US economy misses forecasts, adds 49,000 payrolls in January as daily virus cases peak

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  • The US added 49,000 jobs in January, missing the estimate of 105,000 additions.
  • It was a reversal from the 227,000 payrolls lost in December, the first decline in seven months.
  • The unemployment rate dropped to 6.3% from 6.7%, beating forecasts.
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The US labour market improved slightly last month as daily COVID-19 cases crested and new stimulus money hit households, but job-addition figures still fell short of expectations.

American businesses added 49,000 nonfarm payrolls in January,the Bureau of Labour Statistics said Friday. The report missed the consensus economist estimate of 105,000 job additions, according to Bloomberg data.

The gains were a reversal from December’s revised decline of 227,000 payrolls. That report had snapped a seven-month streak of gains and signalled a dire hit to the country’s economic recovery.

The US unemployment rate dropped to 6.3% from 6.7%, the agency said. Economists had expected the rate to hold steady from December’s reading. The pace of improvement has slowed drastically in recent months after plunging from a high of 14.7% at the start of the coronavirus crisis.

“This morning’s employment report will support the political argument that more stimulus is needed,” David Donabedian, the chief investment officer of CIBC Private Wealth, said in a statement. “The large drop in the unemployment rate was partly due to a decline in labour force participation (not necessarily a sign of strength).”


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Looking closer

The government’s monthly report of labour-market conditions gives the most insight into how the country is working through the pandemic and its fallout. It also details how the virus has pushed Americans out of their jobs.

About 4.7 million people said COVID-19 was their main reason for not seeking employment, according to the report. That was up from 4.6 million Americans in December.

About 14.8 million Americans said the pandemic was the primary reason their employer had halted operations. That was down from 15.8 million people in December.

The number of Americans temporarily laid off dipped to 2.7 million in January from 3 million. That sum was down significantly from a high of 18 million in April. Still, temporary layoffs, like other gauges of unemployment, sit well above pre-pandemic levels as businesses struggle to rehire.

Average hourly earnings for nonfarm workers gained by $US0.06, to $US29.96. Wages have steadily trended higher since falling through last spring, though they remain below a record of $US30.03 in April.

The proportion of Americans telecommuting because of the pandemic slid by 0.5 points, to 23.2%, in January.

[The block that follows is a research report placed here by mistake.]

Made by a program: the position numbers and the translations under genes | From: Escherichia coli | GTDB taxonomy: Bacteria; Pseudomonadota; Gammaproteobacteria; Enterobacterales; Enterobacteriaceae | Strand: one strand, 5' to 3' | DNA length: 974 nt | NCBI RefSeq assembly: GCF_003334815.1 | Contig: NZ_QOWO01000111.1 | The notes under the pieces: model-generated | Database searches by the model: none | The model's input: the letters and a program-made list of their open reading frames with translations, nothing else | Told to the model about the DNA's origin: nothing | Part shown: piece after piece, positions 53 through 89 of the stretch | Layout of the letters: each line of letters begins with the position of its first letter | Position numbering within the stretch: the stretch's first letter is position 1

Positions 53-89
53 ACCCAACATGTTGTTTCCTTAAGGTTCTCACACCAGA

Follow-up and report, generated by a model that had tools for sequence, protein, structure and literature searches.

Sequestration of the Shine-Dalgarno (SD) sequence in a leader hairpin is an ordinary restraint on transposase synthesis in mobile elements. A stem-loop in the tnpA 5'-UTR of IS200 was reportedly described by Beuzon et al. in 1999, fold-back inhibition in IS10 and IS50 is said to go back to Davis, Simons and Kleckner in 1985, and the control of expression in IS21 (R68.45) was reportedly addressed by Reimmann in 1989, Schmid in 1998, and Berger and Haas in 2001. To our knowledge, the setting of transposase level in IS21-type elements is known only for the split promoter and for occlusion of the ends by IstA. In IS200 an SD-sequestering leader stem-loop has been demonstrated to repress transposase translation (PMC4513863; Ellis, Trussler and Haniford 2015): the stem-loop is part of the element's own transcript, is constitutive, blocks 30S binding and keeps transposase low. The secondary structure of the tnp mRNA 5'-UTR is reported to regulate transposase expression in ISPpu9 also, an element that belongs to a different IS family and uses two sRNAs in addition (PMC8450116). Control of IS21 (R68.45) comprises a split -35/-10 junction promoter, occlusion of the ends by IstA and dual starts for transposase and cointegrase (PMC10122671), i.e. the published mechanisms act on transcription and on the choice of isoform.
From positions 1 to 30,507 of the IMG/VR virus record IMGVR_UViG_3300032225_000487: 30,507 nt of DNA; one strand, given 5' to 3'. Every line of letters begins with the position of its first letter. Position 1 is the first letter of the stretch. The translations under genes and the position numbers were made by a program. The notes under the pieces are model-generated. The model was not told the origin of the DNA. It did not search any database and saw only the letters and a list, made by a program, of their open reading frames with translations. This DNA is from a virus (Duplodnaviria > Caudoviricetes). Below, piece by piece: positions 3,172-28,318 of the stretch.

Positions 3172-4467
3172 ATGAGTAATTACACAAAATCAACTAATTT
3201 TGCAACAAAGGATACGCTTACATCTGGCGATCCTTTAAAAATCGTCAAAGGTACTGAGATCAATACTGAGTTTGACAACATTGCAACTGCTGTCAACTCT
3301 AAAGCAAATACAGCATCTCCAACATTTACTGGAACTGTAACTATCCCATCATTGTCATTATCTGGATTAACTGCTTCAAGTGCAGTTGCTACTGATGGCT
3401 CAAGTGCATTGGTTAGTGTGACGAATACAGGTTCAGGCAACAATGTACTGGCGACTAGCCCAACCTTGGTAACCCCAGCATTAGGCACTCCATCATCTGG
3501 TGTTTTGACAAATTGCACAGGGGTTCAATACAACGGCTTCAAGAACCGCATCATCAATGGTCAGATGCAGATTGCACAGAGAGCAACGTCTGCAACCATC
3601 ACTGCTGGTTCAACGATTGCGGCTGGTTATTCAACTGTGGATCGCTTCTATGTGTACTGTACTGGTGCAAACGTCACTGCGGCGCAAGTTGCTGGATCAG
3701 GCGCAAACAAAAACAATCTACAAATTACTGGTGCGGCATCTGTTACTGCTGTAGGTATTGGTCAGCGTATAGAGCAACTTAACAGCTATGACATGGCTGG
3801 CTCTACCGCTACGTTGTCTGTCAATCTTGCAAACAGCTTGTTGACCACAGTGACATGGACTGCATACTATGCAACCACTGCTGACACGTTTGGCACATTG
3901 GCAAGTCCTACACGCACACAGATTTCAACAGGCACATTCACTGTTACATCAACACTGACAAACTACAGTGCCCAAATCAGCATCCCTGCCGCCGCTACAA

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2 tailwinds

After months of soaring COVID-19 cases and economic lockdowns, signs are pointing to a healthier backdrop to come. Vaccine distribution has overcome early hurdles; the US is now administering 1.34 million shots a day on average, according to Bloomberg. State data indicates that about 36 million total doses have been administered.

Daily COVID-19 cases have continued to fall since a surge late last year. The US reported 123,907 new virus cases on Thursday,according to The COVID Tracking Project. That was down from a high of nearly 300,000 new cases reported on January 8. Current hospitalizations hit 88,668, down roughly 30% from a peak in mid-January.

Elsewhere in economic data, filings for unemployment benefits continued to fall, signalling a healthy rate of improvement in the labour market. Weekly jobless claims dropped to 779,000 for the week that ended on Saturday, handily beating the consensus economist estimate of 830,000 claims. The reading marked three straight weeks of falling claims counts.

Continuing claims, which track Americans receiving unemployment benefits, fell to 4.6. million, beating the economist forecast of 4.7 million claims.

January was also the first month in which Americans saw significant benefits from the $US900 billion stimulus package enacted by President Donald Trump at the end of 2020. The bill included direct payments of up to $US600, expanded unemployment benefits, and relief for schools.

Credit- and debit-card data tracked by Bank of America suggested that stimulus recipients increased spending last month as aid was delivered to households. A sustained uptick in consumer spending stands to revitalize the economic recovery and possibly help firms rehire.

It’s increasingly likely that even more help is on the way. The Senate on Friday approved a budget measure that opens the door to approving President Joe Biden’s $US1.9 trillion stimulus plan. The measure allows Democrats to pursue the legislation without support from Senate Republicans. Still, Biden has indicated he aims to pursue bipartisan support for the relief package.

The stimulus proposal includes $US1,400 direct payments, aid for state and local governments, and another expansion of unemployment benefits. Republicans had countered with a $US600 billion package in January, but that deal has little chance of garnering ample support.


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